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0

I think that a clarification is in order. When a switch, relay, transistor, etc. is NO or NC, it is in this state/condition, when the device is not activated. What this means, is that a NO switch (for example) will be closed when it is activated (a magnet is in proximity; door closed). With this kind of switch, you make a "closed loop," which will be ...


0

Do you have another resistor in the same range of known resistance? You could then use a wheatstone bridge to determine the resistance. Actually the best way would be to have a number of resistors of known value, each half the resistance of the prior one. Then you could do a binary search.


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If you were to use one of the 555-based measuring circuits, you could use an optical fiber line to get the output of the 555 into your microcontroller. I use a lot of stuff from Industrial Fiber Optics. They sell jacketed 1mm plastic fiber along with matching transmitters and receivers. I'd send power out to the soil sensor from its own wall wart power ...


0

You can certainly get op-amps (as @Whatroughbeast mentioned) that can do this easily. Analog Devices have a few that have fempto amp bias currents and you'll need to arrange the op-amp as a transimpedance amplifier (TIA) with a feedback resistor of about 1Gohm. You can get this stuff fairly cheaply (less than $10). I have used such a set up for monitoring ...


5

You can do what you want, but it won't be simple. Scratch that, it will be fairly simple, but it won't be easy. As von Clausewitz said, "In war, the important things are very simple, and the simple things are very difficult." It applies here as well. Actually, it's not as bad as it could be. Your nominal current is 250 pA. You can get op amps with bias ...


3

Existing equipment such as the Keithley Model 6517B Electrometer can measure resistances up to 10^16 ohms without using high voltages. This is possible because these instruments can measure extremely small currents, down to 10^-15 amperes or so.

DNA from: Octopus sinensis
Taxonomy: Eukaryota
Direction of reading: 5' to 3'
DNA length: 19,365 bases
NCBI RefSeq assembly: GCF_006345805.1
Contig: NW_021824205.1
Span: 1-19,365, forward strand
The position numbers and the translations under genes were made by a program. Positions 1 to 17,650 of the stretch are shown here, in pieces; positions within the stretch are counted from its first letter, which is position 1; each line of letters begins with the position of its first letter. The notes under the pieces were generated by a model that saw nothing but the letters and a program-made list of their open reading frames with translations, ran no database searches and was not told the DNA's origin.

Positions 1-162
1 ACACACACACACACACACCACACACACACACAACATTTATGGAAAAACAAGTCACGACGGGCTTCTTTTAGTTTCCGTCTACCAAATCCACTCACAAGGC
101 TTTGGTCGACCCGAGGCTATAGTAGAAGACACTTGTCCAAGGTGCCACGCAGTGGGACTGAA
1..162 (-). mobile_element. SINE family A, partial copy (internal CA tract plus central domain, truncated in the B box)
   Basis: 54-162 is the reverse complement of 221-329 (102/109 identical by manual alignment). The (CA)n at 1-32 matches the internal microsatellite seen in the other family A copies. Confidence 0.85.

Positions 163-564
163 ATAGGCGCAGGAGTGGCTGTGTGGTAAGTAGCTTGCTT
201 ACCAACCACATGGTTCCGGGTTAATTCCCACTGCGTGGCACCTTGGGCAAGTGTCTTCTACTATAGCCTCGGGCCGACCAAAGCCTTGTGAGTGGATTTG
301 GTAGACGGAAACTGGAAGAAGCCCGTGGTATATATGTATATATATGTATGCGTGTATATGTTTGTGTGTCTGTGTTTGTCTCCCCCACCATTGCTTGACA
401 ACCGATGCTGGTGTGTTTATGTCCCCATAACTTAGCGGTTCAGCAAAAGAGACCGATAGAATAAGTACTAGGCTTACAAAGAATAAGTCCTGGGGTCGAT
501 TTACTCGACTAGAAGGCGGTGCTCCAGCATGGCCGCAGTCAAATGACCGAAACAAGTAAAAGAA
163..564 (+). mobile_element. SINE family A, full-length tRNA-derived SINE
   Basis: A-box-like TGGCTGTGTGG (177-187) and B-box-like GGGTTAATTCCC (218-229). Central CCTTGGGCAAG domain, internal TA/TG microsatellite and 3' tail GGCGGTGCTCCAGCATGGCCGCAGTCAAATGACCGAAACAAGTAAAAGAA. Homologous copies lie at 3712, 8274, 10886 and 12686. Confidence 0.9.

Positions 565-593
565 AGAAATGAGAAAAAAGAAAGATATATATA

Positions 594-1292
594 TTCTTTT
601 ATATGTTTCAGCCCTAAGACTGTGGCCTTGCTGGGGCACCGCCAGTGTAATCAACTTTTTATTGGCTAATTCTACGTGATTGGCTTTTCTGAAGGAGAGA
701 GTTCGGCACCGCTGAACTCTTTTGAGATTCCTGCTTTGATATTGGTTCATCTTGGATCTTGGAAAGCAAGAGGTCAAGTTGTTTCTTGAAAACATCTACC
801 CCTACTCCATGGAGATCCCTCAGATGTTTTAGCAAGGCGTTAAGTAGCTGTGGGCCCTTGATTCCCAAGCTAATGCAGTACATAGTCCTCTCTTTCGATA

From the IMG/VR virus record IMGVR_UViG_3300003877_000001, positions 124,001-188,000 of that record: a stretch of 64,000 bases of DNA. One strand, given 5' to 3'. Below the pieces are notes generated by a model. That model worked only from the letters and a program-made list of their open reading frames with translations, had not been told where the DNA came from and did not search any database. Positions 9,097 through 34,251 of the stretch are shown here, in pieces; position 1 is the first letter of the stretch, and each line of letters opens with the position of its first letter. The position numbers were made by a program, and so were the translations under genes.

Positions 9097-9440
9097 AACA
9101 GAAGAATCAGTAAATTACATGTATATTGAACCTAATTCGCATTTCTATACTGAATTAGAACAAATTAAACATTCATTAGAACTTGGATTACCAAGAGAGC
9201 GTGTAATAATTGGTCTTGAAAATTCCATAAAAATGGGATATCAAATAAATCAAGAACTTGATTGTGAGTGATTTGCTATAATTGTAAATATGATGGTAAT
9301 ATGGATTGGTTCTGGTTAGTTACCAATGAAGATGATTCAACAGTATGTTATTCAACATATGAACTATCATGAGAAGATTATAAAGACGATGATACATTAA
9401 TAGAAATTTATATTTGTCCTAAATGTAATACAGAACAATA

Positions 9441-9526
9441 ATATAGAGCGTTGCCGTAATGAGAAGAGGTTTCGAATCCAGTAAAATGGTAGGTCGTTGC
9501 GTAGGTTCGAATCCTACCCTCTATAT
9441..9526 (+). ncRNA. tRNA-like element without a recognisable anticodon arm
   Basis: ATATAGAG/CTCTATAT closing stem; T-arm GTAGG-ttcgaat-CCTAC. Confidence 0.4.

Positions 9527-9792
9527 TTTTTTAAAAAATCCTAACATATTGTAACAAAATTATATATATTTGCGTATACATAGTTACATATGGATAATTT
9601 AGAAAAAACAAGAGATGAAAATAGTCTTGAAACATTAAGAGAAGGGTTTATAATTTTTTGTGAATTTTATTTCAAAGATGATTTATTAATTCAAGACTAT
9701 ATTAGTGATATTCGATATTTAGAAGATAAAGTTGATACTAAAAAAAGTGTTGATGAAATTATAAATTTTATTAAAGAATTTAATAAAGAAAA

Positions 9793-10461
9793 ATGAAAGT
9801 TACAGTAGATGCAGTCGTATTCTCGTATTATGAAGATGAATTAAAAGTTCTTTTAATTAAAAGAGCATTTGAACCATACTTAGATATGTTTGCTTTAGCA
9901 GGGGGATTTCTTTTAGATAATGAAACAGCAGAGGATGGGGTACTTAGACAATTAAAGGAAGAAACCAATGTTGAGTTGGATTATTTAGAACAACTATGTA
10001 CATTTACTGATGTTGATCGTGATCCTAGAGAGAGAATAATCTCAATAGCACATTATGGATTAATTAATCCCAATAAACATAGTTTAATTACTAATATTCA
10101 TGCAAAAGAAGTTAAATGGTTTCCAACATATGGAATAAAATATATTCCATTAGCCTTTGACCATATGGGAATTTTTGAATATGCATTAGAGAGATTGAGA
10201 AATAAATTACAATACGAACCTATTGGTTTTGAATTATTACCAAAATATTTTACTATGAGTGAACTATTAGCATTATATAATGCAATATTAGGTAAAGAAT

0

It is called Fault Condition. Both conditions: Open door and Power Supply failure are covered.


2

Yes assuming V1 is a non ideal source with an internal resistance (r) in series with a load R. This can be modelled as an ideal source in series with r+R. The voltage delivered to the load will simply be \$V_r=\frac{V_1*R}{R+r}\$. In order to operate your circuit in the linear region it is recommended that you keep R>>r. The effective emf of the cell on ...


0

If your charger sits at 12.6 volts when it's outputting 2 amperes, then your resistor needs to suck up the difference in voltage between the charger and the battery while letting 2A through to the battery. So, from Ohm's law, $$ R = \frac{Vs-Vbat}{I} = \frac{12.6Vs - 10Vbat}{2A} = 1.3 \ \Omega\ , $$ and the resistor, run CW, will dissipate about: $$ P = ...


0

Hi, There are a few bugs, marked on the drawing in color. Think green :)


1

Normally Open magnetic switches can be put them in parallel rather than series when you want one wire pair to monitor several openings. Unfortunately if the wire is cut, it doesn't alarm, but this is taken care of by having each switch in parallel with a large resistor. If the wire is cut, the resistance changes upward, and you can tell that the wire was ...


20

N/C magnetic switches are unfortunately nearly useless for security. Since their "unalarmed" state is for them to be open, if the cable going to them is cut then the alarm will not trigger, and of course not be triggerable anymore. With a N/O magnetic switch the circuit is closed in the unalarmed state, and cutting the cable will trigger the alarm.


1

To invert your signal, use another transistor. simulate this circuit – Schematic created using CircuitLab Any of the BJTs will work. I'm personally partial to the 2N3904, but that's habit more than anything. Of the MOSFETs, I'd recommend first the IRF520, then the RFP70N06, and the IRF510 last, although any of them will work. If you use the ...


0

As L4 and L23 are in parallel their voltage is equal: thus VL234 = VL4. And similiarly VL234 = VL23. Now you can calculate IL23 with XL23 and VL23. As they are in series the current through L2 and L3 is equal, so: IL23 = IL2. Finally we need the voltages for VL2 and VL3: These can be easily computed using a voltage divider ...


2

It is called a common mode choke. It is a toroidal piece of ferrite with the wires of the cable passing thru the hole. The cable and the ferrite form a small-valued inductor, but only to the sum of the currents in the cable. This inductor increases the impedance at high frequencies. The purpose is usually to attenuate these frequencies so that RF noise ...


0

It's a (relatively large) ferrite bead, installed by the manufacturer on cables when the electronics at one or both ends of the end of the cable didn't pass EMC compliance testing (required for most commercial electronic products), and it was deemed cheaper to add the ferrite to the cable than to actually go back and do the job properly and do the filtering ...


0

The data sheet says: Modulation Input DC 0-5 V to Set Output Power Looks to me like the comment on 'matching' refers to the power supply rather than the control input. So you need a solid power supply capable of > 1.1A for the lamp and controller and an input signal suitable for a 3.5K input Z. A simple way to get that would be to use a 5V series ...